Johnny Depp stubbornly refuses to take on conventional roles. Even when he plays archetypal roles such as his now famous Captain Jack Sparrow, he is compelled to do weird things with the performances. The Keith Richards homage is just the latest in a long line of quirky outings that flout convention, and it's exactly this rebellious streak that makes him a perfect casting choice in The Libertine.
Centuries before the Rat Pack or the Algonquin Roundtable came into being, a similar group of legendary personalities dubbed the Merry Gang gained notoriety for their unique combination of wit and bawdiness. Members included several famous wordsmiths, intellectuals and royalty of the day. One such man, the second Earl of Rochester, qualified under all three titles.
John Wilmot's birth in 1647 was followed by his death a mere 33 years later. In the interim of this flammable existence, he somehow managed to alienate, violate and/or instigate anyone with whom he came into contact. His rakish behavior was the subject of controversy by one and all. Perhaps Samuel Johnson (you know, the Dictionary guy) summed it up best when he described The Libertine in this manner: "He lived worthless and useless, and blazed out his youth and health in lavish voluptuousness."
This leads to the query of why anyone would be making a movie about him 350 years later if his existence were worthless and useless as Samuel Johnson indicated. The reality is that Wilmot's life was far more than that description, though in the end, how much more impacting it might have been is questionable.
A graduate of Wadham College in Oxford at the age of 14, Wilmot sought his fortunes on the sea. He returned a hero after a famous victory in nautical combat against the Dutch. Back in England, he married at the age of 20. This was noteworthy due to the fact that his blushing bride was the very woman he had unsuccessfully attempted to kidnap two years prior to that. I can't decide if that sounds like the makings of a Harlequin Romance or Dear Penthouse Letters.
As a way to woo her, Wilmot began to write poetry. Quickly, though, the nature of his words changed from romantic in tone to overtly sexual. Many of his works were declared obscene and destroyed. The most famous of these, “Sodom, or the Quintessence of Debauchery” - well, it has a title that speaks for itself. The respect he garnered from other noted scribes of the time guaranteed the immortality of his work despite the Fahrenheit 451 crew's attempts to quell his quill. Even authors such as Tennyson, Goethe and Voltaire were squarely in the camp of Wilmot as a hallmark literary talent.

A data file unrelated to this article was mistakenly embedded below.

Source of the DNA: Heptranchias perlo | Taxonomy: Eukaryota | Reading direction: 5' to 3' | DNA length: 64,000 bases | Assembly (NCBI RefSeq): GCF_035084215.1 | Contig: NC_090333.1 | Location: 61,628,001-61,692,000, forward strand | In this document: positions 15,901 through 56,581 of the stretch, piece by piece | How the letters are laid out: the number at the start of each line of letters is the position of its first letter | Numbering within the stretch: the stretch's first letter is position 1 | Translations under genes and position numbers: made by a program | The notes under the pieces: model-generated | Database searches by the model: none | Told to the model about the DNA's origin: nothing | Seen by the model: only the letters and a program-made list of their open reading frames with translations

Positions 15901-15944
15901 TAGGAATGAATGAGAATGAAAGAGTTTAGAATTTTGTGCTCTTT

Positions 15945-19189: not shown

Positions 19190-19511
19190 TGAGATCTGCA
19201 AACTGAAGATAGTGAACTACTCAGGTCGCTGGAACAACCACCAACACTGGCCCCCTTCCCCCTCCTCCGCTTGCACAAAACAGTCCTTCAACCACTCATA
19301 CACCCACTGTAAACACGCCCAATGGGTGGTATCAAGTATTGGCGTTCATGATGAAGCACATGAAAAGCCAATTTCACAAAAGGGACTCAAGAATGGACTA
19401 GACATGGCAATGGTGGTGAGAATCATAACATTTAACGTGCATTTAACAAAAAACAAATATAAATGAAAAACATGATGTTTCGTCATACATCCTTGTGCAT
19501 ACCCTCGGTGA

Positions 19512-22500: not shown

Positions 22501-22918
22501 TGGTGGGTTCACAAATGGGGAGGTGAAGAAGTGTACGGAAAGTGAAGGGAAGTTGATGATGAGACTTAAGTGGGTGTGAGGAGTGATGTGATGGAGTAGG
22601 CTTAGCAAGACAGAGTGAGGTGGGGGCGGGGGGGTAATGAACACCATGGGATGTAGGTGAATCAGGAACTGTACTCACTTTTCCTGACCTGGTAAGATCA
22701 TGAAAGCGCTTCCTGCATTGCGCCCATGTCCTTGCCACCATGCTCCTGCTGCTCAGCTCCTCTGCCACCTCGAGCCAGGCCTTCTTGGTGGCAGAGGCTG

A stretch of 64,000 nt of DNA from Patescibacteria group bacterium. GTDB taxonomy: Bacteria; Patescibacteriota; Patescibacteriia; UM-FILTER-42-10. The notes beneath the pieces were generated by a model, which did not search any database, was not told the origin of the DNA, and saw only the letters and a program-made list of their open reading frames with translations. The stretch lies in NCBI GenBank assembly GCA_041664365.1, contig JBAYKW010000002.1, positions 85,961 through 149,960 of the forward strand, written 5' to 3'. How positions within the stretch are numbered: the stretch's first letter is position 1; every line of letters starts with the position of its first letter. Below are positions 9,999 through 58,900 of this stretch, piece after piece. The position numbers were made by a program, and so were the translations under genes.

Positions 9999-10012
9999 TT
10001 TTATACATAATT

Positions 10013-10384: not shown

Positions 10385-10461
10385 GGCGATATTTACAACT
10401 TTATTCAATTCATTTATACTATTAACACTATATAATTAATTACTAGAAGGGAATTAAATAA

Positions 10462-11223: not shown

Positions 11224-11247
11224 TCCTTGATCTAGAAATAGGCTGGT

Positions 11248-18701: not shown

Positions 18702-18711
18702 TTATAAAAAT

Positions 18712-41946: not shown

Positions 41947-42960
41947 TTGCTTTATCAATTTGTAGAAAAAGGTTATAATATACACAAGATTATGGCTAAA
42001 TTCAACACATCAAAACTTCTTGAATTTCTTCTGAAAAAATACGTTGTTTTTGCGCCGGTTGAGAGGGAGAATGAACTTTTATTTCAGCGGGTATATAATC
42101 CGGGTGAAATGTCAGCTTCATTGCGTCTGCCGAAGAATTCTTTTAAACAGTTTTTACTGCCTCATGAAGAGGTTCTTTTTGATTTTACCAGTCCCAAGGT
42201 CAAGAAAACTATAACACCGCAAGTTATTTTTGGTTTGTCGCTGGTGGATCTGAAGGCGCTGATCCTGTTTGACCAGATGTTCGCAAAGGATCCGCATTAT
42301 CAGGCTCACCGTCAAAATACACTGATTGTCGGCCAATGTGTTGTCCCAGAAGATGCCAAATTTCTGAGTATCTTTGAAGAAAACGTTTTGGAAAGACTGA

Nonetheless, the love of his life was not the woman he kidnapped/married. Instead, that title was carved out for his mistress, Elizabeth Barry. You might know her as the most famous actress of the Restoration stage (if you were some sort of Restoration era scholar anyway). Wilmot's tutoring is what carried her through struggles early in her career but after a time, he grew bored and lusted for new adventures. In the end, it was this constant need for new experiences that left him riddled with syphilis. On his deathbed, Wilmot attempted the only aspect of life he had failed to explore previously. He was proclaimed to have found religion and repented all his sins. So legendary were his prior transgressions that for two full centuries after his death, the Earl's redemption was still being mentioned as a hallmark moment in religion.
Perhaps no aspect of his life better defines the Earl of Rochester than this one. While banished from Charles II's court after a lampoon failed to amuse His Majesty, Wilmot went into business as a doctor. His area of expertise was the treatment of married women struggling with infertility. During this period of crossing the country and impregnating women right under the noses of their cuckolded husbands, Wilmot went by the all-too-appropriate moniker of Doctor Bendo. What a character.
In addition to Depp, John Malkovich, a man who just can't seem to resist the chance to wear a good period costume, and Samantha Morton also have major roles. Morton will take on the character of the actress Elizabeth Barry while Malkovich Malkovich Malkovich portrays King Charles II. Since Wilmot's life was an endless cycle of times when he fell in and out of the favor of the court, this part of Wilmot's life might be highlighted in a similar fashion to the French classic, Ridicule.
Describing Wilmot's life in words sounds surprisingly like a plan once espoused by Bart Simpson. He lived life recklessly and lecherously. His sinful carousing and eschewing of pious living was legendary in his time. Once the vessel of his body had been destroyed, the Earl of Rochester recanted all of his misdeeds from his deathbed in order to cleanse his immortal soul. I don't know about you but I can't wait to see how Johnny Depp pulls it off.
If you think the whole thing sounds like a younger man's Quills, I am right there with you. (David Mumpower/BOP)